2. Paige Estes

    Some days the only thing that keeps me from huddling up in a corner and declaring “I’m done!” is remembering that One Day. One Day, Jesus whispers to me. One day, its not that none of this will matter, because it does mater, so so much. But One Day, Jesus will come and wipe out all the hurt that comes with it. One Day.
    Glorious Day – Casting Crowns
    One day when Heaven was filled with His praises
    One day when sin was as black as could be
    Jesus came forth to be born of a Virgin
    Dwelt among men, my example is He

    Word became flesh and the light shined among us
    His glory revealed

    Living He loved me, dying He saved me
    And buried He carried my sins far away
    Rising He justified freely forever
    One day He’s coming, oh, glorious day, oh, glorious day

    One day they led Him up Calvary’s mountain
    One day they nailed Him to die on a tree
    Suffering anguish, despised and rejected
    Bearing our sins, my Redeemer is He

    Hands that healed nations, stretched out on a tree
    And took the nails for me

    ‘Cause living He loved me, dying He saved me
    And buried He carried my sins far away
    Rising He justified freely forever
    One day He’s coming, oh, glorious day, oh, glorious day

    One day the grave could conceal Him no longer
    One day the stone rolled away from the door
    Then He arose, over death He had conquered
    Now He’s ascended, my Lord evermore

    Death could not hold Him
    The grave could not keep Him from rising again

    Living He loved me, dying He saved me
    And buried He carried my sins far away
    Rising He justified freely forever
    One day He’s coming, oh, glorious day, oh, glorious day
    Glorious day

    One day the trumpet will sound for His coming
    One day the skies with His glories will shine
    Wonderful day, my beloved one bringing
    My Savior Jesus is mine

    Living He loved me, dying He saved me
    And buried He carried my sins far away
    Rising He justified freely forever
    One day He’s coming, oh, glorious day, oh, glorious day
    Glorious day, oh, glorious day

    Read more: Casting Crowns – Glorious Day Lyrics | MetroLyrics

    • dukeslee

      That’s a terrific song. We just sang it in church last weekend!

  3. Nancy Ruegg

    In1968, an eighteen-year old friend was killed in a car accident. She was a gifted pianist, an honor student, and soon would have been heading to Spain as a short-term missionary, following high school graduation. Her death didn’t make sense. I started leafing through my Bible, reading underlined portions, looking for something to re-establish my faltering faith, and there it was–Romans 11:33-36. The last verse says: “From him and through him and to him are all things. To him be the glory forever!” Her funeral was surely to God’s glory, as hundreds of students faced their mortality and heard the message of hope we have in Jesus. Ever since that day, and even now all these years later, my friend still comes to mind. I’ll bet others who knew her have thought of her, too. And frequently that passage from Romans has ministered to me as the decades have passed: Out of the riches of his wisdom God ordains events. He is in control, and nothing happens by chance. Out of the ashes he WILL bring beauty, though we may not see it until we’re with him. Thank you for this bittersweet post, Jennifer–a dose of reality sweetened by the guaranteed comfort and strength of our Almighty God!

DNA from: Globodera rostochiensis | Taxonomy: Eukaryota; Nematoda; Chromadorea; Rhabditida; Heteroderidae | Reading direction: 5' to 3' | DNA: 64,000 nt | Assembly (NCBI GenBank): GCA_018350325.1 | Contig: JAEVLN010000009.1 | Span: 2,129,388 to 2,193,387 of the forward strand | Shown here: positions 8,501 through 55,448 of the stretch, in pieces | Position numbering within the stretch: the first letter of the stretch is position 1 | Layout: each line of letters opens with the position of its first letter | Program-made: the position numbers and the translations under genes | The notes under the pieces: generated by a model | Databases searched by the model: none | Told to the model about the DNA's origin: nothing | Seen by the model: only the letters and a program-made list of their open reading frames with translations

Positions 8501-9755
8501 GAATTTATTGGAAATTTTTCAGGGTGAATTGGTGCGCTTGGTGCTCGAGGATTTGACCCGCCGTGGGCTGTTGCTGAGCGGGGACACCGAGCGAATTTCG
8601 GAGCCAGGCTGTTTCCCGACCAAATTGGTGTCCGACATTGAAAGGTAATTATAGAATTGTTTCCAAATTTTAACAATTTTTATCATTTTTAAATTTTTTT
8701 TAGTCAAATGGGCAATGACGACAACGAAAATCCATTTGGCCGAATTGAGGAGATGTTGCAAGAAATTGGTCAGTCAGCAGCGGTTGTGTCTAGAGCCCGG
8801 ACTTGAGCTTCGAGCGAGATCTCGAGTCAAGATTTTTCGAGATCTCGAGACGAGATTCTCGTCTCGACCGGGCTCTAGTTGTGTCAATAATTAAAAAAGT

• dukeslee

      What a beautiful testimony you’ve shared. Thank you, Nancy.

  4. Mary

    My mom was very much like your godmother in how she loved and showed hospitality to others even when her pain was great. I did not understand the depth of how she ministered to others until after she was gone but it is a beautiful lesson to learn.

    Music has always been a source of healing, worship and understanding. Since I just saw Gungor in concert I am going to share the “You Make Beautiful Things” is a beautiful song of healing. Thank you for this space and for your words, Jennifer!

    • dukeslee

      Music does the same for me, Mary. That day, the day the picture above was taken, Janet and my mother and Janet’s sister and a whole bunch of others were in the room. And we sat around for a good half hour and sang old Gaither songs.

  5. Trudy Den Hoed

    Thank you for sharing this, Jennifer. I’m sure you must miss your godmother so much. What a beautiful testimony of how the more her suffering, the tighter her grip on Jesus. I am comforted by your reminder that God doesn’t waste pain and He will always make beauty out of ashes. Blessings and hugs to you!

    • dukeslee

      I do miss her so. I still have the stuffed animal bears next to my bed. She gave them to me when I was ten or so. I recovered them from storage back in 2014, when she entered hospice. They’ve been at my bedside ever since, a reminder of my godmother.

  6. Anita

    I hate change (it represents hard times for me, because I get so stuck in my ways), and Sara Grove’s ‘Painting Pictures of Egypt’ helps remind me that I should never long for what was but embrace the changes because even though I can’t see it, I know that God is working in me and through me.

    • dukeslee

      Oh, I love Sara Groves. She’s a terrific storyteller and musician. And so down to earth!

  7. Meghan Weyerbacher

    This is so beautiful, Jennifer! It is at the core of why I write – love this so!!! I feel if there’s any way any negative or pain I go through can not only help me but be of help to someone else, then it is not in vain and God has kept His promise. I am thankful for your godmother, that she poured into you. Now you are doing the same. God bless sister-in-Christ!

    • dukeslee

      Thank you, Meghan. You’re right. This is why I write too. Thanks for that.